"How Ye Ought to Answer"

William C. Sexton
Lowell, Indiana

In the almost ten years that I have been a Christian, I have learned a lot from many good men. I have had the privilege to study with a number of good men, and some I consider "not so good." But I have disagreed on something with every one I believe that I have ever studied with; and I don't believe that I have ever studied with a person, but what I I e a r n e d something from him. I have been wrong on many things, and I know that I have much to learn yet.

First of all I was taught denominationalism, thus I had to be "untaught," as well as taught the truth. Secondly, I heard many things about the "Issues" before I learned what was involved in them; thus many hours of study were necessary for me to see the truth on these matters. But as I look back and forward, I seem to see more importance attached to the statement of the apostle Paul in Col. 4:6 in regard to the "HOW" one "ought to answer." 11 know that it is important that we know WHAT to answer, and we would not minimize that; but perhaps we are inclined to overlook the HOW.

I have had the privilege of studying with a man and his wife here at Lowell on the "Issues" of "Institutionalism," and helping them to see the truth on this matter. And I believe that it points up a need that is, at least sometimes, overlooked. These persons had heard a number of brethren preach the truth on the subject, but they were unable to see what the truth was. After being here a while, they became persuaded that I truly was willing to take the Bible for what it says, and willing to sit down anywhere and study with them, with the possibility that either or both of us could be wrong but that the Bible was right. I was invited to their home, and after an hour or so of disagreement in our study, something happened that I'll never forget.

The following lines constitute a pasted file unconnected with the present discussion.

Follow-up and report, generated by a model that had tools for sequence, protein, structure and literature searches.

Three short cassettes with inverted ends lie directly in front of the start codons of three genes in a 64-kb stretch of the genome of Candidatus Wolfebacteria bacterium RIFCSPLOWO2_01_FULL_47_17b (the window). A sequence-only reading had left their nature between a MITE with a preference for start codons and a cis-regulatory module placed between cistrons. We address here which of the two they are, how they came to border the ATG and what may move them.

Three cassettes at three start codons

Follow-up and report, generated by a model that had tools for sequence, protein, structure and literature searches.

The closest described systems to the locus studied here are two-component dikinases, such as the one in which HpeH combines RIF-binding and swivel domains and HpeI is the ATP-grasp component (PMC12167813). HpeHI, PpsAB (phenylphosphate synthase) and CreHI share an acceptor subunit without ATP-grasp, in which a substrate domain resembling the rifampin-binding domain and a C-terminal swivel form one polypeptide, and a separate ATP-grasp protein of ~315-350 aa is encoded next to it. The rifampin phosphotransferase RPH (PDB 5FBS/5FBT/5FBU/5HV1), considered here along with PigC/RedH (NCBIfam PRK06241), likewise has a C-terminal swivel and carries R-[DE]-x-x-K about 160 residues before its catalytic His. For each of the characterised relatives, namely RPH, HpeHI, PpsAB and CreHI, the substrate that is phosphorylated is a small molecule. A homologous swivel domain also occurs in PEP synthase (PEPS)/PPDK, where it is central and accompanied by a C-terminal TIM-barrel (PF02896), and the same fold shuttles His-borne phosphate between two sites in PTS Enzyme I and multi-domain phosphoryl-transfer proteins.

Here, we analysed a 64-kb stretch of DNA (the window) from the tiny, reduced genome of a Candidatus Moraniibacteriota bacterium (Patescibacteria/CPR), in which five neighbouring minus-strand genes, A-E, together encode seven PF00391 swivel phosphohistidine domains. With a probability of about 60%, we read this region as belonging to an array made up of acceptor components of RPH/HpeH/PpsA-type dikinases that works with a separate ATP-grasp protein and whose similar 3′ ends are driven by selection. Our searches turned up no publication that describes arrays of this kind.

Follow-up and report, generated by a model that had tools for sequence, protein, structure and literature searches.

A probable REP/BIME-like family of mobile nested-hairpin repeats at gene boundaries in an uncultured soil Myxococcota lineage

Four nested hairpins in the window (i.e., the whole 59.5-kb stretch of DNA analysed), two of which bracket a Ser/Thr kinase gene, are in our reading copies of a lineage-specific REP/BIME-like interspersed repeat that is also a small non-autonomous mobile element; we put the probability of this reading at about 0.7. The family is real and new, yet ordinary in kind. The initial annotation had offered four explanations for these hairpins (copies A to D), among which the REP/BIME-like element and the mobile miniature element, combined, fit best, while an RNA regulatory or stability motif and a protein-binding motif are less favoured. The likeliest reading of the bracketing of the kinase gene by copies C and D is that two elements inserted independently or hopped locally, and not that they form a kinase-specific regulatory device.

I had diagrammed the relationship of the church and the individual to the college on a sheet of paper. I showed that I believed that the College could exist, and might Support such as an individual, but that it was an institution separate from the church. Then I diagrammed the institutional "Orphan Home," and showed that I believed that it could exist, and if I thought that there was a need, I could support such as an individual. But when the College began to solicit and/or accept funds from the church, then I would oppose it with all of my might; and that the "Orphan Home" was in the same category. These persons said: "Oh I just now see what you mean." You are not opposed to these people being helped, but you are opposed to the church supporting another organization." I said "Exactly!"

These two persons, began to recall whom they had heard, and what was said, and most that they had heard, now makes sense. But at the time they heard it, it did not. They realize that they have been at fault, and we have seen a wonderful change in them. But I am wondering that if the HOW had been given as much consideration as the WHAT, perhaps these persons could have seen the truth long ago.

Now we are not censoring any, but just calling our attention to the Lord's instruction. I am sure that each preacher has at some time or another heard one of his fellows make arguments that he could not conscientiously make, yet he would not condemn him. It seems to me that some have been impressed with the importance of WHAT (the truth) should be given as the answer (and truly nothing else can be given with God's approval), but have placed little if any importance on the "HOW" ye "ought to answer." And if I understand the BOOK, "every scripture is inspired of God, and is profitable for doctrine . . ." Thus one part is no more or less important than the other. Do you know "How ye ought to answer?" Have you given as much consideration to this aspect of your teaching as to the WHAT? If not, we suggest that you reconsider.

Truth Magazine IX, 4: p. 1
January 1965